Obama today -- "I have said repeatedly that I think that the death penalty should be applied in very narrow circumstances for most egregious of crimes. I think that the rape of a small child, six or eight years old is a heinous crime, and if a state makes a decision that under narrow, limited, well-defined circumstances, the death penalty is at least potentially applicable."

    Uh huh.  So tell me again why we can trust him on anything he says?

    It's bad enough the Democratic nominee is for the death penalty in any circumstances, but that's where we find ourselves these days.  But to come out for it when no one has died from the crime, when such a statement is totally unnecessary and contrary to a position you took earlier?  What is this about, exactly -- is he just trying to prove he's not Mr. "Most Liberal Senator?" Ugh.

    Expression of (5.00 / 4) (#118)
    by gyrfalcon on Thu Jun 26, 2008 at 01:00:13 AM EST
    community outrage?  Is that what this should be about?

    I reject that idea utterly.  "Outrage" should not be on any liberal/progressive's list of justifications for the DP or anything else, for that matter.



    that is what bothers me so often when (none / 0) (#182)
    by hellothere on Thu Jun 26, 2008 at 09:22:00 AM EST
    i see politicans and even shows on tv regarding the death penalty. i am not an attorney here but aren't the laws supposed to be a barrier to the emotional reactions of the public and or even family and friends?

    No, (2.00 / 1) (#187)
    by massdem on Thu Jun 26, 2008 at 09:37:49 AM EST
    not the audacity of hope - it's the audacity of grope (for whatever's politically expedient at the time).

    Fembrdem, if that is your ... (none / 0) (#192)
    by Tortmaster on Thu Jun 26, 2008 at 10:11:26 AM EST
    ... real name, ;), I disagree with Obama's stance on the death penalty, but you are really reaching for something to complain about with that silly argument.

    Are you saying that Obama believed in "A" and "B";

    Then, he gave a statement only about "B" (because "A" was not applicable);

    And the statement about "B" was congruent with what he said before;

    Therefore, he is flip-flopping?

    That's a huge reach. Will you say anything to see Obama not get elected?  

    You can bet that John McCain is going to install the types of justices in the Supreme Court, like Scalia, who will impose the death penalty for as many crimes as possible, who will reverse Roe v. Wade, and who will put a gun in the pocket of every American.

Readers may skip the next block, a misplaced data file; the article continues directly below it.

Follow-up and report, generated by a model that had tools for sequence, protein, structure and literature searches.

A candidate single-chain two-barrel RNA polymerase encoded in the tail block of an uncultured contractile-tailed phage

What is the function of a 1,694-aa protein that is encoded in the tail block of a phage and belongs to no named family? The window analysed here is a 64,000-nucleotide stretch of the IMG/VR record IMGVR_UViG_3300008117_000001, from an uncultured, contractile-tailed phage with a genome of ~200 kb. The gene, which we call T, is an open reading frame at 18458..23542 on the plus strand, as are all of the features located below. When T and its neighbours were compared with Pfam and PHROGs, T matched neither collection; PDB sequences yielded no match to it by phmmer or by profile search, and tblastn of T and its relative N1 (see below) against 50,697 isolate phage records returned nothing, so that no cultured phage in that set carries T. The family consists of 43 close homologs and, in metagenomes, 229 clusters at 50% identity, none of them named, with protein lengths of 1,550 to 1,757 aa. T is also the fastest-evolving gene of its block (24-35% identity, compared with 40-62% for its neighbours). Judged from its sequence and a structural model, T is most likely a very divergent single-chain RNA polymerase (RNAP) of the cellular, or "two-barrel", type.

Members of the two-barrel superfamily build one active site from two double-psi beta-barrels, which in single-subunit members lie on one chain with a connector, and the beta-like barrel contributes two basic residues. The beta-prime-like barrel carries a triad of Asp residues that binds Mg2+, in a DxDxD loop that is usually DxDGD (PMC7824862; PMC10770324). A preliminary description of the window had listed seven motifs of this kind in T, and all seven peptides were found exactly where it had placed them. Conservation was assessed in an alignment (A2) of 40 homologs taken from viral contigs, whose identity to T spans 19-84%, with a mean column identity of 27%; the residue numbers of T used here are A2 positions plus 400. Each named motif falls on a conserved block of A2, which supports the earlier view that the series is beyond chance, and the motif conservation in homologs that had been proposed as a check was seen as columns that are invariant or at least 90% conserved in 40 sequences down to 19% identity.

it'll be interesting to see how obama's comments (none / 0) (#208)
    by Salo on Thu Jun 26, 2008 at 10:38:11 AM EST
    poll.  He's a fairly clever and sharp operator.

    Illinois (5.00 / 5) (#40)
    by mmc9431 on Wed Jun 25, 2008 at 11:25:09 PM EST
    I'm from Illinois and after all the mess we had over innocent people on Death Row, former Gov. Ryan imposed a moritorium on capital punishment. Obama was in our state Congress at the time and I didn't hear any complaints from him about it then. I have a sick feeling in my stomach that we "progressive's" are progressing the wrong way.

    Absolutely (none / 0) (#58)
    by befuddledvoter on Wed Jun 25, 2008 at 11:37:57 PM EST
    It was the Governor of Il, not Obama.  His record as far as criminal justice was all over the place and he, in fact, voted over and over again to increase mandatory sentences.  Despite claiming credit for the legislation for videotaping interrogations, he is a defense attorney's nightmare.  This was his an excerpt of his voting record in IL:

    In an August 19, 2004 entry on Obama's website he bragged about being tough on drugs:
    During 8 years in the state senate, Senator Obama has repeatedly voted for tougher penalties for drug offenders. [HB 3387, 5/13/03; P.A. 93-0546; SB 1793, 3/21/03; P.A. 93-0223; HB 2347, 5/6/99; P.A. 91-0336; HB 3170, 5/7/98; P.A. 90-0674; HB 1278, 5/14/99; P.A. 91-0403; SB 0105, 3/23/99; P.A. 91-0263; HB 2843, 5/20/03; P.A. 93-0596; 93rd GA, SB 2447, 3/25/04; P.A. 93-0884; SB 1578, 3/24/03; P.A. 93-0297; SB1028, 4/2/98; SB 1028, 5/19/98, SC HA1,4; P.A. 90-0775; HB 0070, 5/16/97; P.A. 90-0382; HB 2844, 5/13/03; P.A. 93-0340; HB 3073, 4/4/00; P.A. 91-0802; HB 0252, 5/7/99; P.A. 91-0366; HB 5652, 5/9/02; SB 1332, 2/24/00; P.A. 91-0899; HB 4245, 5/7/02; P.A. 92-0698; SB 0014, 5/20/97, SC HA1; P.A. 90-0397; SB 0003, 4/6/01; HB 2015, 5/9/97; P.A. 90-0164; SB 1011, 4/5/01; SB 1224, 3/24/98; HB 2030, 5/15/97; P.A. 90-0557]

    He also voted "present" for a bill that allowed trying children, age 15, as adults, subjecting them to adult prison.

    To me, Obama is a right winger on criminal law.


    he's not a right winger (5.00 / 4) (#65)
    by Jeralyn on Wed Jun 25, 2008 at 11:43:49 PM EST
    but he's not a progressive either. He did do excellent work for innocent in Illinois. But constitutional rights must be afforded to everyone, not just the innocent.

    For a specific and detailed analyis of Obama's views on defendant's rights, it's all laid out here -- with sources.


    thanks for the link (5.00 / 1) (#130)
    by befuddledvoter on Thu Jun 26, 2008 at 01:38:34 AM EST
    That is certainly the best synopsis I have seen of Obama's many positions on criminal justice.  

    Obama was never a progressive (5.00 / 1) (#173)
    by stefystef on Thu Jun 26, 2008 at 08:59:44 AM EST
    and there are more articles talking about Obama moving to the center.

    The progressive tried to co-opt his campaign and Obama used them to get him through the primaries.  Now, Obama's flipping to make the money guys happy and the so-called progressive left is going to have to suck it up.